San Luis Obispo Chief of Police Deb Linden briefed the public about the arrests in connection with a hazing-related death earlier this school year. Photo by Matt Fountain.

Four Cal Poly students were arrested Thursday in connection with last year’s alcohol-related death of architecture freshman Carson Starkey after a nearly six-month investigation by the San Luis Obispo Police Department.

Investigators say the death was the result of a night of excessive drinking as part of a hazing ritual for pledges in the Sigma Alpha Epsilon (SAE) fraternity.

Agriculture business sophomore Haithem Ibrahim, 20, of Lafayette and agriculture senior Zacary Ellis, 22, of San Luis Obispo were each charged with one felony violation of hazing causing death or great bodily injury and one misdemeanor violation of permitting a minor to consume alcohol. Computer engineering senior Russell Taylor, 22, of Fresno and agriculture business senior Adam Marszal, 21, were each charged with two misdemeanor counts of the same violations.

The four surrendered themselves Thursday morning after warrants were obtained for their arrests and were booked at the San Luis Obispo County Jail. Bail was set at $50,000 for the felony charges and $10,000 for the misdemeanors. Each posted bail by Thursday afternoon.

If convicted, the suspects could face up to three years in state prison for the felonies and up to a year in county jail for the misdemeanor charges.

At a press conference at the San Luis Obispo police station Thursday afternoon, San Luis Obispo Police Department Chief of Police Deborah Linden said the investigation “exposed a ritual that was as disturbing as it was deadly.”

“Despite being illegal and against formal greek organization policies, dangerous hazing rituals remain part of the culture of certain groups; a culture that claims to promote leadership and value friendship, but which fails to protect young and impressionable recruits who simply want to belong,” Linden said.

“Carson’s death was the result of a crime and it was entirely preventable,” she said. “Tragically, his death was not the first resulting from a fraternity hazing ritual, and unless the greeks change their culture in a fundamental and meaningful way, it will not be the last.”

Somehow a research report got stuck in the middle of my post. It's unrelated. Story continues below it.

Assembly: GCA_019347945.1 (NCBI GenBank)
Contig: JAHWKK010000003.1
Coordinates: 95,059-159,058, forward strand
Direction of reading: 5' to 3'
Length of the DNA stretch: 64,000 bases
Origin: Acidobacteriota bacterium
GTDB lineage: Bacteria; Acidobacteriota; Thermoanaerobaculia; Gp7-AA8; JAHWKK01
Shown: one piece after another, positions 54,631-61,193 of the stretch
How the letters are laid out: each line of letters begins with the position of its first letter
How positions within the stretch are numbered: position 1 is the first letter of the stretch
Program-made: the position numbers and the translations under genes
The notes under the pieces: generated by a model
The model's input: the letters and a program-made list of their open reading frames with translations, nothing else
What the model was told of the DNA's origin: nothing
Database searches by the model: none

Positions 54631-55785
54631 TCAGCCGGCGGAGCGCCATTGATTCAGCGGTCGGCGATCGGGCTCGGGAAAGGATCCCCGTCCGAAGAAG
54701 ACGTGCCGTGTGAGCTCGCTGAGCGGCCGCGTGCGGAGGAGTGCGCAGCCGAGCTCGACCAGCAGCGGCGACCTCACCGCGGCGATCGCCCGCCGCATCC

When asked by reporters why the investigation took nearly six months, Linden cited the “sheer volume of the people involved,” and the lack of “clear and open” cooperation by SAE members throughout the investigation.

Starkey, 18, passed away the morning of Dec. 2, 2008, at Sierra Vista Regional Medical Center. An autopsy revealed the cause of death was respiratory arrest due to acute ethanol toxicity, or alcohol poisoning. His blood alcohol content was estimated between .39 and .447 percent — a level equivalent to the effects of surgical anesthesia. It was determined that no marijuana or other drugs were in Starkey’s system.

Starkey came to Cal Poly as a freshman from Austin, Texas, in September 2008 and began the pledge process to SAE in October. The death occurred during the fraternity’s “Big Bro Week,” where pledges, or “Little Brothers,” are paired with active members, or “Big Brothers.” Ibrahim was designated as Starkey’s Big Brother.

The investigation revealed that the night of Dec. 1 was “Brown Bag Night,” an annual pledge event where Big Brothers provided each pledge with a brown bag containing large quantities of alcohol. Ibrahim, Taylor and Marszal allegedly selected and purchased the alcohol from two stores in San Luis Obispo.

Ellis was SAE’s designated Pledge Educator, a membership position that helps leads pledging recruits through their pledging process. On the night before Starkey’s death, Ellis reportedly instructed the group of 17 pledges — all of whom were under 21 — to consume the full contents of their bag within an hour and a half. In addition to the contents of the bags, pledges were also given a bottle of 151 proof Everclear, which has roughly twice the alcohol content of normal liquor.


The investigation found that at some point in the night, Starkey became unresponsive, at which point several SAE members placed him in a vehicle in an apparent attempt to take him to the hospital, removing his pledge pin to prevent him from being associated with the fraternity. The SAE members reportedly returned Starkey to the house, however, once he began vomiting inside the vehicle.

The SAE members allegedly carried Starkey to bed and checked on him until approximately 2 a.m. After he was found unresponsive a few hours later, an SAE member called 911 and began performing CPR. He was taken via ambulance to Sierra Vista Regional Medical Center where he was pronounced dead.